Last updated: 20 December, 2012

Strife-torn Syria wins West Asian cup

After nearly two years of war, fate smiled on Syria for a brief moment on Thursday as its national football team scored a historic 1-0 victory in the West Asia Cup.

Twenty-one months into a conflict that has killed more than 44,000 people, Syria’s national team lined up against Iraq in Kuwait, and in the 73rd minute Ahmed Saleh scored the winning goal.

Syrian state television interrupted programming to announce the team’s victory in a competition held every two years since the year 2000 and also showed the awards ceremony in Kuwait live.

“Congratulations to all Syria! Our national men’s football team has won the Western Asian football cup in Kuwait, after defeating the Iraqi team in the final,” said the football federation’s official website.

But joy at the victory was overshadowed by politics.

“Even football has not escaped the bloodthirsty media, who tried to ruin the joy of our people after the victory by broadcasting false information about a general power cut in Damascus, and about clashes,” state television said.

Pan-Arab channels had broadcast news of a power cut in the Syrian capital.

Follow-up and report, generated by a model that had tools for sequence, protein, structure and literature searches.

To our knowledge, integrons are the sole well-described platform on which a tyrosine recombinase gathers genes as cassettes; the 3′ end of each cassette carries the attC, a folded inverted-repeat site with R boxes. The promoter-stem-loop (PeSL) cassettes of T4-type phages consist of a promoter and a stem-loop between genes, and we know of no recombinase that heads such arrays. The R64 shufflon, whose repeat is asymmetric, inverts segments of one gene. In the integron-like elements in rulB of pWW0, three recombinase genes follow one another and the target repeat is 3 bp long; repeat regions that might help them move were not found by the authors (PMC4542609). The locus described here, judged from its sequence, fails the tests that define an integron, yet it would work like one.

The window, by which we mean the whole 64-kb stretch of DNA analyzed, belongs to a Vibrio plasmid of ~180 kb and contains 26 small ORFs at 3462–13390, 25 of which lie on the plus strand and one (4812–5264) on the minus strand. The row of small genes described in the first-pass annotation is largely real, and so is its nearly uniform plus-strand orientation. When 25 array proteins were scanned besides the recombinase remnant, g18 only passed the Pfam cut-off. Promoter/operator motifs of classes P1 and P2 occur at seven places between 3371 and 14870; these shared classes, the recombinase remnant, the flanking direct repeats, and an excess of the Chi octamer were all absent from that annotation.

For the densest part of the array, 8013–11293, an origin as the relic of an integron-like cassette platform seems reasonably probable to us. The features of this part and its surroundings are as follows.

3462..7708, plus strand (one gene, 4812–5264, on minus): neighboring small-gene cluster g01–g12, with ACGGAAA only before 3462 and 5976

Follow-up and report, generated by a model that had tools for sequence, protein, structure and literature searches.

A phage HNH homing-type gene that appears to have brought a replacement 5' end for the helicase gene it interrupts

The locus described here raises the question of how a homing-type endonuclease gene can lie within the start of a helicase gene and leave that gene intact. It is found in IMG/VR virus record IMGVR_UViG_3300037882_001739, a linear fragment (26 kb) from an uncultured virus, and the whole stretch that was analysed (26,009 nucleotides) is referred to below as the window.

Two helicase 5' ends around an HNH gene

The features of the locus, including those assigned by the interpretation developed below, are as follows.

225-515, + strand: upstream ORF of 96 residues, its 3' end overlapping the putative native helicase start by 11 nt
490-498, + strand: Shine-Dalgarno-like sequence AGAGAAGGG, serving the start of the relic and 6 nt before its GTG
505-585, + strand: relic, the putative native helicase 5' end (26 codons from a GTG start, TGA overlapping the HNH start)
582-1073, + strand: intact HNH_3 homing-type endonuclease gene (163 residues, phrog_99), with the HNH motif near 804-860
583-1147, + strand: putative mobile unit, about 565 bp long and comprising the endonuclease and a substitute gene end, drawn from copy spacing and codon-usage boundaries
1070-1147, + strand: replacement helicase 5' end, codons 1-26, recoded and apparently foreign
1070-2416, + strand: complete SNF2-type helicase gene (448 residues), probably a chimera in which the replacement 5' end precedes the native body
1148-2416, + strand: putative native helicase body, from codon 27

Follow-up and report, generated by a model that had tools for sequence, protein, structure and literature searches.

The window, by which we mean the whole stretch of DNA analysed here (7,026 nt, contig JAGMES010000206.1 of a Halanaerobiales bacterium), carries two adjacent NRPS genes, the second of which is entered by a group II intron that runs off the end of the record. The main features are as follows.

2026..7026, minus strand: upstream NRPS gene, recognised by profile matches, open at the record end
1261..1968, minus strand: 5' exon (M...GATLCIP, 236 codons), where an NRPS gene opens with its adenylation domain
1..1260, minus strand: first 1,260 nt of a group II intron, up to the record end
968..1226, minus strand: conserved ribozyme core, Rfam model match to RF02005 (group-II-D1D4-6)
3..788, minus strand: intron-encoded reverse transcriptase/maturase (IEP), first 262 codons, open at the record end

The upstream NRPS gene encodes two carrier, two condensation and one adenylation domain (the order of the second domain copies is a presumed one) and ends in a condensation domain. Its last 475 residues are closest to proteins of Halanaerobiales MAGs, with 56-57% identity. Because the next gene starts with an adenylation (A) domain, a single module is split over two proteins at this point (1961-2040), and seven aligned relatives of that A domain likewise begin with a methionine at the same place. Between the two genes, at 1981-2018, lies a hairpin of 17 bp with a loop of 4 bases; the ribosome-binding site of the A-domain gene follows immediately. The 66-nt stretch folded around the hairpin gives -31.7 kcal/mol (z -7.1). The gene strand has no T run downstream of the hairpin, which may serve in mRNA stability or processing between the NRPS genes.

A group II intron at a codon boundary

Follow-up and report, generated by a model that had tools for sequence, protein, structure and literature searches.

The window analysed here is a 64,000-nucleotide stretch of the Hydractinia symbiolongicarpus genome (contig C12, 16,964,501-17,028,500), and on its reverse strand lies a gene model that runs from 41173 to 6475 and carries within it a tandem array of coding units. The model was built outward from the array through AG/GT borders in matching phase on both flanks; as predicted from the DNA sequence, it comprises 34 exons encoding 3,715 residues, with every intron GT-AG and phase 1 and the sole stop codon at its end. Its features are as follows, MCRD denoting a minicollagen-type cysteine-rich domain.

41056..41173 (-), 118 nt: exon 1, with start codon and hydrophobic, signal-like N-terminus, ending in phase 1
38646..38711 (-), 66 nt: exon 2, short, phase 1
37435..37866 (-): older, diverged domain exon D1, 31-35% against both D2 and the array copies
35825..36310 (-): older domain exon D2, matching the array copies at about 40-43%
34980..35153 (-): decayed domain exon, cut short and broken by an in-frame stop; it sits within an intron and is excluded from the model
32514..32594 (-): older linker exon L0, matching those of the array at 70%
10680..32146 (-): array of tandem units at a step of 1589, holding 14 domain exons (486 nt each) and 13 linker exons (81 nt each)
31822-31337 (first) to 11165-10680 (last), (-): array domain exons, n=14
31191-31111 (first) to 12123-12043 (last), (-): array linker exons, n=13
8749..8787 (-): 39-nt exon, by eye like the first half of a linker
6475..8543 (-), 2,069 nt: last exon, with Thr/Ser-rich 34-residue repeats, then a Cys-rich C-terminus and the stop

“The team’s victory has nothing to do either with the president or with the rebels,” said one Facebook page titled “Shu Ismo” (“What is his name?”)

“It is thanks to the 11 players who played and won this victory for all the country. All the players are Syrian. Some are pro-regime, some are anti-regime, and some are neutral,” said the page, which carries satire.

Activists in besieged, rebel-held districts in the central city of Homs had little to celebrate, said another Facebook user, Abu Bilal.

“Goaaaal for the Syrian regime’s team,” he wrote.

After the final whistle, the army “intensified” its shelling of rebel-held districts, Abu Bilal later told AFP via the Internet.

“They rained down bombs on Old Homs.”

The conflict in Syria has pushed some 50 professional footballers into exile in neighbouring countries.

Cash-strapped clubs have had little choice but to sell some of their best players to other countries.

Syrian coaches have also fled to Jordan, Lebanon, Iraq and Oman.

The violence has emptied Syrian stadiums, despite a widespread love for the world’s favourite game.

The 2010/2011 championship was scrapped and replaced with a mini-tournament between the four top teams.

Two then dropped out, and the final match ironically pitted the army and police against each other. The police won.